Only 13 percent of companies averaged more than five percent of annual growth directly from market share gain over a ten year period.  Some of the most successful market share gain actions, from new product launches or pricing moves tend to trigger competitors’ reactions that often slow or even reverse these gains.

Based on what 90 percent of companies do to cultivate growth, we strongly emphasize dynamic resource re-allocation as well as M&A to take bigger advantage of portfolio momentum. But we also emphasize that the strongest growth business have generated greater returns to shareholders when their growth was mostly organic as the ultimate objective is value creating growth.

All this is easier said than done! What does it take to grow and successfully add value?

As strategists, we first look for strong competitive advantages, innovative business models and an outward focus on areas such as customer obsession and important external trends. However, executives who have enjoyed strong phases of growth tell us about a zealous growth mind-set that gave them a crucial edge. They refer to a deeply ingrained belief and attitude that was shared across the company, that the business model is well-positioned, and they have the capabilities and resources to deliver above-industry growth.

So, what does it take for organizations to cultivate such a growth mind-set that will authentically permeate throughout the organisation? With this question in mind, we have identified five traits that successful growth companies exhibit.

Yuval Atsmon is a senior partner in McKinsey’s London office. Norbert Lurz is a Senior Advisor in McKinsey & Company’s Consumer Packaged Goods Practice and a former Senior Executive of Procter & Gamble, Gillette and Reckitt Benckiser.

More: www.mckinsey.com

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The next-generation operating model for the digital world

McK 2017-03 The next-generation model 1

Companies need to increase revenues, lower costs, and delight customers. Doing that requires reinventing the operating model.

Companies know where they want to go. They want to be more agile, quicker to react, and more effective. They want to deliver great customer experiences, take advantage of new technologies to cut costs, improve quality and transparency, and build value. The problem is that while most companies are trying to get better, the results tend to fall short: one-off initiatives in separate units that don’t have a big enterprise-wide impact; adoption of the improvement method of the day, which almost invariably yields disappointing results; and programs that provide temporary gains but aren’t sustainable.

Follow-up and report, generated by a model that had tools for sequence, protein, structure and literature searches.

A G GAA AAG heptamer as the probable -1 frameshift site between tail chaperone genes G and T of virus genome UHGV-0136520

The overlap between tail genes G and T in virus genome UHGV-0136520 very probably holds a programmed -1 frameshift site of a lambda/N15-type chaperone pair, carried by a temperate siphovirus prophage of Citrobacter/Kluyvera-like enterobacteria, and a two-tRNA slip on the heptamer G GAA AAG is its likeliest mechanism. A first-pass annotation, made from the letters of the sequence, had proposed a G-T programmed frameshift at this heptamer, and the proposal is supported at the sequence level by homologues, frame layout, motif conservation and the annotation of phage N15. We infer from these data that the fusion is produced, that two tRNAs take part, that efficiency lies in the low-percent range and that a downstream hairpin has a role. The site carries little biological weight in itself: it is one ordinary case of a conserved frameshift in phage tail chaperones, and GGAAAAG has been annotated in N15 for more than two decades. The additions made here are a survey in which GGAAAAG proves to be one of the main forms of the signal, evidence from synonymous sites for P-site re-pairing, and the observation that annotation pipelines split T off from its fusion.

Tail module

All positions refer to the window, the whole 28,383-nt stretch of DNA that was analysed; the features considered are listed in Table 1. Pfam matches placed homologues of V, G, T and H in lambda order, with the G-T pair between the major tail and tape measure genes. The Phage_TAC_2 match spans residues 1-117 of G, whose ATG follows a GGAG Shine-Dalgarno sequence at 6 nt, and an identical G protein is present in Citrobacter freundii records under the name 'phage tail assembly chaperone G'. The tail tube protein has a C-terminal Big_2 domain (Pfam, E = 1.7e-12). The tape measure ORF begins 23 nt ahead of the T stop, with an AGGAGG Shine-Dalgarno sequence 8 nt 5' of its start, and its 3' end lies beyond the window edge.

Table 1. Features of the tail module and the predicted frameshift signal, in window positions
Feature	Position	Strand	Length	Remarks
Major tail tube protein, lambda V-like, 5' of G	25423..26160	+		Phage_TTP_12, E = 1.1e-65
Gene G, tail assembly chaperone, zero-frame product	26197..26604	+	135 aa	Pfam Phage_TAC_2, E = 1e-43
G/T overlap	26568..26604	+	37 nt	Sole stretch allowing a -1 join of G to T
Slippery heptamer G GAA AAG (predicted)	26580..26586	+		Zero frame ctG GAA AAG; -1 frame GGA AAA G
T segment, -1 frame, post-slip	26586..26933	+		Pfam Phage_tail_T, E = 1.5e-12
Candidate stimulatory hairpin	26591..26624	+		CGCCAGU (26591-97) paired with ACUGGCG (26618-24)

We have found that for companies to build value and provide compelling customer experiences at lower cost, they need to commit to a next-generation operating model. This operating model is a new way of running the organization that combines digital technologies and operations capabilities in an integrated, well-sequenced way to achieve step-change improvements in revenue, customer experience, and cost.

A simple way to visualize this operating model is to think of it as having two parts, each requiring companies to adopt major changes in the way they work:

  • The first part involves a shift from running uncoordinated efforts within siloes to launching an integrated operational-improvement program organized around customer journeys (the set of interactions a customer has with a company when making a purchase or receiving services) as well as the internal journeys (end-to-end processes inside the company). Examples of customer journeys include a homeowner filing an insurance claim, a cable-TV subscriber signing up for a premium channel, or a shopper looking to buy a gift online. Examples of internal-process journeys include Order-to-Cash or Record-to-Report.
  • The second part is a shift from using individual technologies, operations capabilities, and approaches in a piecemeal manner inside siloes to applying them to journeys in combination and in the right sequence to achieve compound impact.

More: www.mckinsey.com/business

Authors: Albert Bollard is an associate partner in McKinsey’s New York office; Elixabete Larrea is an associate partner in the Boston office; Alex Singla is a senior partner in the Chicago office, and Rohit Sood is a partner in the Toronto office.